The possible role of the endometrial microbiome as an immune modulator in the phase of implantation and during pregnancy

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In a recent study published in the International Journal of Molecular Sciences, researchers reviewed the impact of endometrial microbiota on immune tolerance during pregnancy.

Study: Endometrial Microbiota and Immune Tolerance in Pregnancy. Image Credit: Kateryna Kon/Shutterstock
Study: Endometrial Microbiota and Immune Tolerance in Pregnancy. Image Credit: Kateryna Kon/Shutterstock

Background

Recent research has shown that the uterus houses its own microbiome. However, there is yet no consensus on the composition of endometrial microbiota. Therefore, its involvement in a healthy uterine environment remains a subject of investigation.

Endometrial receptivity is essential for embryo implantation; hence, immune tolerance in response to fetal antigens and carefully regulated production of inflammatory mediators is crucial. Studies have also suggested that the endometrial microbiome may interact with the immunological system in a very dynamic manner during periconception and later in pregnancy. Because of this, dysbiosis may result in unfavorable pregnancy outcomes.

Variation of endometrial microbiota across the lifespan

In the present study, researchers reviewed the data on the molecular pathways by which endometrial bacteria may interact with the immunological system.

Through transcervical sampling, research has discovered the presence of Gardnerella vaginalis, Lactobacillus (L.) spp., Mycoplasma hominis, and Enterobacter spp. Furthermore, studies have found a plethora of L. iners, L. crispatus, and Prevotella spp. In about 20% of patients, the vaginal and endometrial microbiomes differed with respect to the bacterial taxa detected or the comparative abundances represented in both sample types. Further research revealed that Lactobacillus was the most prevalent species in endometrial specimens, while Flavobacterium, Gardnerella, Bifidobacterium, Streptococcus, and  Prevotella were also often found.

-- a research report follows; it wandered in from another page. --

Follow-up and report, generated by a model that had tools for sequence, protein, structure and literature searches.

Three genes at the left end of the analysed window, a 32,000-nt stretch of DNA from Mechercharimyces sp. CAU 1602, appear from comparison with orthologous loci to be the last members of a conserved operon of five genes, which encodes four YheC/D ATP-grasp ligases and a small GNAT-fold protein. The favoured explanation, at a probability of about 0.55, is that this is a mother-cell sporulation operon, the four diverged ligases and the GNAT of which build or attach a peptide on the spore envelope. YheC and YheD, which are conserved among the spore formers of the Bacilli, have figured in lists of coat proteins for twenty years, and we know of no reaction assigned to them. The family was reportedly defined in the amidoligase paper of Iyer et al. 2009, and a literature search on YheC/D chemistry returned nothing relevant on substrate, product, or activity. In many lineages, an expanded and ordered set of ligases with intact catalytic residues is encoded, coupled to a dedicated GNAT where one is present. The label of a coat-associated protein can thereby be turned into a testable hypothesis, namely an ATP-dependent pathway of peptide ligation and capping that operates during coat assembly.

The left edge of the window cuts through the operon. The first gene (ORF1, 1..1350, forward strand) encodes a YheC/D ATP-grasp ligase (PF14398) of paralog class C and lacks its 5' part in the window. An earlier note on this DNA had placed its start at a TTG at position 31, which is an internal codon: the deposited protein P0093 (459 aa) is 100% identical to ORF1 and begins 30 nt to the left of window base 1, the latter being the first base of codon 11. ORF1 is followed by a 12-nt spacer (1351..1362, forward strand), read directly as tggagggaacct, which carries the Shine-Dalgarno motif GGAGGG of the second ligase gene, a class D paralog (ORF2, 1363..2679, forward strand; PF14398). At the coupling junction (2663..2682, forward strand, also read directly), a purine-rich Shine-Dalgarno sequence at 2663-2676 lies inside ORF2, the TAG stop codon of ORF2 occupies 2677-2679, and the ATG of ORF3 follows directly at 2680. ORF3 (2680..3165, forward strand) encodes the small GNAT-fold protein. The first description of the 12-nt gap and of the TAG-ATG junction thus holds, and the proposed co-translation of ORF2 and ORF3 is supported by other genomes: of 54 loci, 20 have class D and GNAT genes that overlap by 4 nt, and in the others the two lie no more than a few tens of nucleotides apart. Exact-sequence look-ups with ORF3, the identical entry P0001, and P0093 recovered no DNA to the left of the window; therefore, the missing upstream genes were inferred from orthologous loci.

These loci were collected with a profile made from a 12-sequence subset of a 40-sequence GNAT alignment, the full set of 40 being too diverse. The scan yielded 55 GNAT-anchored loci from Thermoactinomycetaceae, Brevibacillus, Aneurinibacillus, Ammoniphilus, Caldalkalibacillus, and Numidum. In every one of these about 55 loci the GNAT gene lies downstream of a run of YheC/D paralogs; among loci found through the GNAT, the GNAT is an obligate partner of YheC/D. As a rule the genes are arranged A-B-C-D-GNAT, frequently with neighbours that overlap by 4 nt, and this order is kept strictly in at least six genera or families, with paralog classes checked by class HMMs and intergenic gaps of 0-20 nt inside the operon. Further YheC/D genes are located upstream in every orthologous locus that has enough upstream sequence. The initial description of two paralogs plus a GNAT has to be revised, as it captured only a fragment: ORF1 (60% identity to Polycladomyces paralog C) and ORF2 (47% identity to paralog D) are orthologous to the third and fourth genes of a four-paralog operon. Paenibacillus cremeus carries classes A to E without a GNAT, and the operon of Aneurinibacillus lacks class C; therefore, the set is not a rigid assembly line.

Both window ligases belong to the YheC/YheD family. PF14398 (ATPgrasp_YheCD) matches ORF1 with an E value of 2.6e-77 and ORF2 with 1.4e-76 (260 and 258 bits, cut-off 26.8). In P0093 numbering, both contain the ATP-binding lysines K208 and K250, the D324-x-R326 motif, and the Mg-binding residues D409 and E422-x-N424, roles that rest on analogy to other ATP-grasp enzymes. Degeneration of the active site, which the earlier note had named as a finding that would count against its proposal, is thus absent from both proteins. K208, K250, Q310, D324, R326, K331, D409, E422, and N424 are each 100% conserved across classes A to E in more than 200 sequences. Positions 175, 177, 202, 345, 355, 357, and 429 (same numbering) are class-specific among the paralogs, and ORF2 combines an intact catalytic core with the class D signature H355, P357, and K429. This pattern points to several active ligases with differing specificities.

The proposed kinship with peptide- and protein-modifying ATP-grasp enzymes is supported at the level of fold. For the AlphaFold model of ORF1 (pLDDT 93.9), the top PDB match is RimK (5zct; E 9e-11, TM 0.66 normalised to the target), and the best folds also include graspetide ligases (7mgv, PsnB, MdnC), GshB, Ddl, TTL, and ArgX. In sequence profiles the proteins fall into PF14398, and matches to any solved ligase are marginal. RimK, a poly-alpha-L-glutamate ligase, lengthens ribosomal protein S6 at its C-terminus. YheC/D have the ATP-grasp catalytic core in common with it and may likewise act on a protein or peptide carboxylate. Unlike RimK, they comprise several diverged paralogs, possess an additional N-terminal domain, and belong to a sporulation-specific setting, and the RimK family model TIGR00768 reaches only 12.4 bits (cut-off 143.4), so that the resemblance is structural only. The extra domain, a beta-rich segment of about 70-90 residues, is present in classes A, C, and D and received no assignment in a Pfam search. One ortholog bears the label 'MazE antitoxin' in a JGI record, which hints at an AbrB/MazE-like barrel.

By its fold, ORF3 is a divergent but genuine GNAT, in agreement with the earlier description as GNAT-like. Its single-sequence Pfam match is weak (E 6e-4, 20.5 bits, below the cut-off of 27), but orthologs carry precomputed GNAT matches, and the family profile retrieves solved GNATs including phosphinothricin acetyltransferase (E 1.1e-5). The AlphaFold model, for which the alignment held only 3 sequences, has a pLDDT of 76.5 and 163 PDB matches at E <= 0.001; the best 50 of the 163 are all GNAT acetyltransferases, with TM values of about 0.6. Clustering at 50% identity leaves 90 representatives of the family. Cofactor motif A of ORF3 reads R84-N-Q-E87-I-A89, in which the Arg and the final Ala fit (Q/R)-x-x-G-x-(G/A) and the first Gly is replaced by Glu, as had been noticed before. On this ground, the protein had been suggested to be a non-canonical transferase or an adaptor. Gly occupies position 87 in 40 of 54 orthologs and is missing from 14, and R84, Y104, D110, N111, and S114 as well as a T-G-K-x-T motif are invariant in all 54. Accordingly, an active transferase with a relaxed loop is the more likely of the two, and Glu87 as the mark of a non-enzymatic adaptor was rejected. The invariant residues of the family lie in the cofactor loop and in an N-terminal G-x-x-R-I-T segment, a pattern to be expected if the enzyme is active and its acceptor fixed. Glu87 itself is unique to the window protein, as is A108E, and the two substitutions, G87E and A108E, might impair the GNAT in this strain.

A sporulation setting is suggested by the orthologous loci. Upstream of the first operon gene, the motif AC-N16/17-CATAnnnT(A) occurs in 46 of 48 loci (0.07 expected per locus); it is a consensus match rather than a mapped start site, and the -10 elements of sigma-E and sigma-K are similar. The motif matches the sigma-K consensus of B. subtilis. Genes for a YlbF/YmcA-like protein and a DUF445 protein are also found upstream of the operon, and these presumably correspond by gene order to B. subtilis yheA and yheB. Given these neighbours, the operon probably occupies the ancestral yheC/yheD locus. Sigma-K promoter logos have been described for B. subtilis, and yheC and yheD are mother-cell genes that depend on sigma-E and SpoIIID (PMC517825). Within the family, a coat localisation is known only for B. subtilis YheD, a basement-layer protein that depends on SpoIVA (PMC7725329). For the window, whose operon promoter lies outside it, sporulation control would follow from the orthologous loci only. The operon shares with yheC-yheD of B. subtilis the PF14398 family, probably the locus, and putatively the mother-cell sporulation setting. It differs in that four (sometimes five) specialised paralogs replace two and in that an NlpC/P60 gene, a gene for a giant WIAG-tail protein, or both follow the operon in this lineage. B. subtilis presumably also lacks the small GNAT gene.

Uterine cavity sampling of the microbiome

Acinetobacter, Sphingobium, Vagococcus, and Pseudomonas were the most prevalent bacteria in 80 endometrial specimens obtained from Chinese women undergoing surgery for non-infection-related cases. In the uterine cavity of 137 Chinese women, Moraxellaceae, Propionibacteriaceae, Streptococcaceae, and Pseudomonadaceae were identified as part of a separate investigation.

Acinetobacter, Comamonadaceae, Pseudomonas, and Cloacibacterium were also dominant in the endometrial microbiome of 25 Italian women undergoing hysterectomy due to fibroids. Furthermore, the researchers hypothesized that microbes including Acinetobacter, Cutibacterium, Corynebacterium, Escherichia, Streptococcus, and Staphylococcus might comprise the core of the endometrial microbiome, while Lactobacillus had an abundance rate of less than 16%.

Immunological agents in immune tolerance and endometrial receptivity in pregnancy

Essential immune agents such as uterine natural killer (uNK) cells, which represent 60% to 90% of decidual immune cells during initial gestational age, decline during middle and late gestational ages. Since peripheral NK cells are responsible for the cytolysis of cells that lacked a self-major histocompatibility complex (MHC)-I, these cells may play an important role in fetal rejection in the uterus.